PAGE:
A missed connecting flight in Chicago meant that the Arkansas leg of my 11-week, 22-state Listening Tour was unfortunately restricted to listening. I called in to a meeting with the EAST Initiative, which provides students with 3D printers and other technology to learn through projects that serve their communities.
And at the Innovation Hub, a makerspace in North Little Rock, I missed meeting Mike Kelley, a member who came by to use the MakerBot Replicator Z18 to take care of himself.
Kelley has a denegerative spinal disorder. He was at the Innovation Hub that morning to print a 3D model of his cervical spine, the section just below the neck. He started with a recent CT scan, which takes a lot of two-dimensional pictures, and found free software online that converts those slices into a 3D printable file. A network engineer at Cisco, Kelley had never used a 3D printer before, but he likes to make things in his shop at home, and he quickly got a handle on the MakerBot 3D Ecosystem and created a replica of his upper spine.
Kelley plans to bring the model of his spine to his next doctor’s appointment. In the meantime, friends can now see how his bones are worn down, and they seem to understand better that he’s hurting. “For a guy that will be 52 later this month, I think I’m very healthy,” says Kelley, who is a competitive weightlifter. “People don’t realize that sometimes I’m just sucking it up and getting through the day.”
The model also has helped Kelley come to grips with his own condition. He considers himself a visual person, and he had trouble deciphering the CT scan. 3D printing, he says, “brings back that mechanical approach to things.” Doctors have more practice reading CT scans, but 3D printed models are more clear, and can lead to better informed decisions.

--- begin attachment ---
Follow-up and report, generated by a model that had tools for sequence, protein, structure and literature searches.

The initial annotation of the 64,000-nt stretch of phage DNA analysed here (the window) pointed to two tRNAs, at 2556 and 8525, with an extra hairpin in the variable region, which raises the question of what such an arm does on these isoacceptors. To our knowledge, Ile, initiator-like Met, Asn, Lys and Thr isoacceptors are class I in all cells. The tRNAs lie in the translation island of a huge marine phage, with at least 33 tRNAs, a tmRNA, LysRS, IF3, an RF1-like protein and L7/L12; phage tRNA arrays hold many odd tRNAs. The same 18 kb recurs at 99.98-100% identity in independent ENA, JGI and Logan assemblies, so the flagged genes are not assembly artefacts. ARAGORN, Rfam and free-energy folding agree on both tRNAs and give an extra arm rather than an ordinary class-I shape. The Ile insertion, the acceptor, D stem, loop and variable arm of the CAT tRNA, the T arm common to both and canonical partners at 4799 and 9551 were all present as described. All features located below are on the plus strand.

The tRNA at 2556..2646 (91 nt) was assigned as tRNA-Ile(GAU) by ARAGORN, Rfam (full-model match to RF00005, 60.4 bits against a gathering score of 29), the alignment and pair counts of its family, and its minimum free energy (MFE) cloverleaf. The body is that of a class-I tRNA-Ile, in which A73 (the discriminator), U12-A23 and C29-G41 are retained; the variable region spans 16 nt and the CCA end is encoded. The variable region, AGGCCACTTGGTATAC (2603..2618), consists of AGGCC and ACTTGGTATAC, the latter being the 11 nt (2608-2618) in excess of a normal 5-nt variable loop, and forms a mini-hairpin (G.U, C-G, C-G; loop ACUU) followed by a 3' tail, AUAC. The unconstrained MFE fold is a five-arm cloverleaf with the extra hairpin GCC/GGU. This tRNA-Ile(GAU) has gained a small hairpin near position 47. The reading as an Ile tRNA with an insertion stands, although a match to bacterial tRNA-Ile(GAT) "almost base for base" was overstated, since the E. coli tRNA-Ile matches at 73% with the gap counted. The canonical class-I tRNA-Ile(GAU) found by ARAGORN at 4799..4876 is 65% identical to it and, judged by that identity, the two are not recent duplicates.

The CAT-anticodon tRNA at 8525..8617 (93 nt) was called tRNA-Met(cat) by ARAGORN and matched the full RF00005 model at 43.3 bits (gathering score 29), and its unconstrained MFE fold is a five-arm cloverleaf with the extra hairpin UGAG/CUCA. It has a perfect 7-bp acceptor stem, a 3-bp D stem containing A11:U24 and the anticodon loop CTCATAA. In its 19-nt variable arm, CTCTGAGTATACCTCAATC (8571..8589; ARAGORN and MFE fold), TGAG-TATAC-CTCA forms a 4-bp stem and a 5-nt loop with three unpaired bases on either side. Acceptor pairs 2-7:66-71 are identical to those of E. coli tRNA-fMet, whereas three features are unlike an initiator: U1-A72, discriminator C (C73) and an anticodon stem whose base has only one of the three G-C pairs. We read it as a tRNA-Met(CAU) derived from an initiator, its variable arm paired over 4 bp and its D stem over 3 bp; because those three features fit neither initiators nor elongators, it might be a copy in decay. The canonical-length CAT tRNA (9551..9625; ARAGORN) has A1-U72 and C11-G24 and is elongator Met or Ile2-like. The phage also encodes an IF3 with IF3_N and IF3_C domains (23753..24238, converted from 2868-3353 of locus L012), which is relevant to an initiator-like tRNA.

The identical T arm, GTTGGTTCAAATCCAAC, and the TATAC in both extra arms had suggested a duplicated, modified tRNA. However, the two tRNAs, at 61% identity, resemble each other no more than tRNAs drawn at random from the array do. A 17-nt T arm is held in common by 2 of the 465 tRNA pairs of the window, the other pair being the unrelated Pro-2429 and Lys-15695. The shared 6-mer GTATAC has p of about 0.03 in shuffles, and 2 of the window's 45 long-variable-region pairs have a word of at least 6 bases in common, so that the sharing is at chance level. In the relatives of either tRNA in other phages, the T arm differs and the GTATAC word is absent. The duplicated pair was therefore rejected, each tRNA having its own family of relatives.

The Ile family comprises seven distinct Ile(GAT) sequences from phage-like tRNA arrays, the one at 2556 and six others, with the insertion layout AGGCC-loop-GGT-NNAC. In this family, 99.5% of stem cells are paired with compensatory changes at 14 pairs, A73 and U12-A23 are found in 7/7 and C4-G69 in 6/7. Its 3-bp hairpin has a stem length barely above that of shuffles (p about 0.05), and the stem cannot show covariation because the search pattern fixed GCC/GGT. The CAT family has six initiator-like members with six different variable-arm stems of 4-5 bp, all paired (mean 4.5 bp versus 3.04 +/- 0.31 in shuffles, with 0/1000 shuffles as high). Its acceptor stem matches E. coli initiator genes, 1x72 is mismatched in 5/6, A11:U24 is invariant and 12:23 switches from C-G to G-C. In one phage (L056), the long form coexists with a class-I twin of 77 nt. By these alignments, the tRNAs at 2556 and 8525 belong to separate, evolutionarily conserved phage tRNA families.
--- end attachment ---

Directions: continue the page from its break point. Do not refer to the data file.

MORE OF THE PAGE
Kelley is one of many people who have found their way to desktop 3D printing to manage their own medical problems or those of their loved ones. After 6-week-old Ari needed an emergency operation on her walnut-sized heart, her mother, Anne Garcia, started a nonprofit called OpHeart so that planning with 3D printed heart models becomes the standard for surgery on young children. When Michael Balzer’s wife needed a brain tumor removed, he printed a model of her skull and sent it to her surgeon, who was then able to perform a less invasive surgery. A Hodgkin’s patient printed out models of his tumor when it was discovered, and again after radiation and chemotherapy made it shrink. Researchers are modifying the MakerBot Replicator 2X Experimental 3D Printer to look into custom treatments, from administering the right amount of medication to replacing sections of windpipe. And of course there is Robohand, which began as a way to help one man and has grown into a global effort to provide low-cost prosthetics.
When it comes to 3D printing, doctors can get good ideas from patients, just as teachers can learn a lot from their students. Kelley says he told some doctor friends about his spine model, and they now want to know how he made it. Desktop 3D printing can make the worrisome world of medicine more concrete and accessible, and break down barriers between doctors and patients.
The same user-centered principle is behind the Bay Area Makeathon for Assistive Technology. We are proud to be the 3D printing partner for the event, which is hosted by TOM, UCP of the North Bay, and Google.org. At the Makeathon, people with skills such as product design, coding, and 3D printing will be collaborating with people who understand the needs of people with disabilities, including the people with disabilities themselves. We invited Kelley to join us at the Bay Area Makeathon, and he will use his making skills — including perhaps his newfound knowledge of 3D printing — to help others.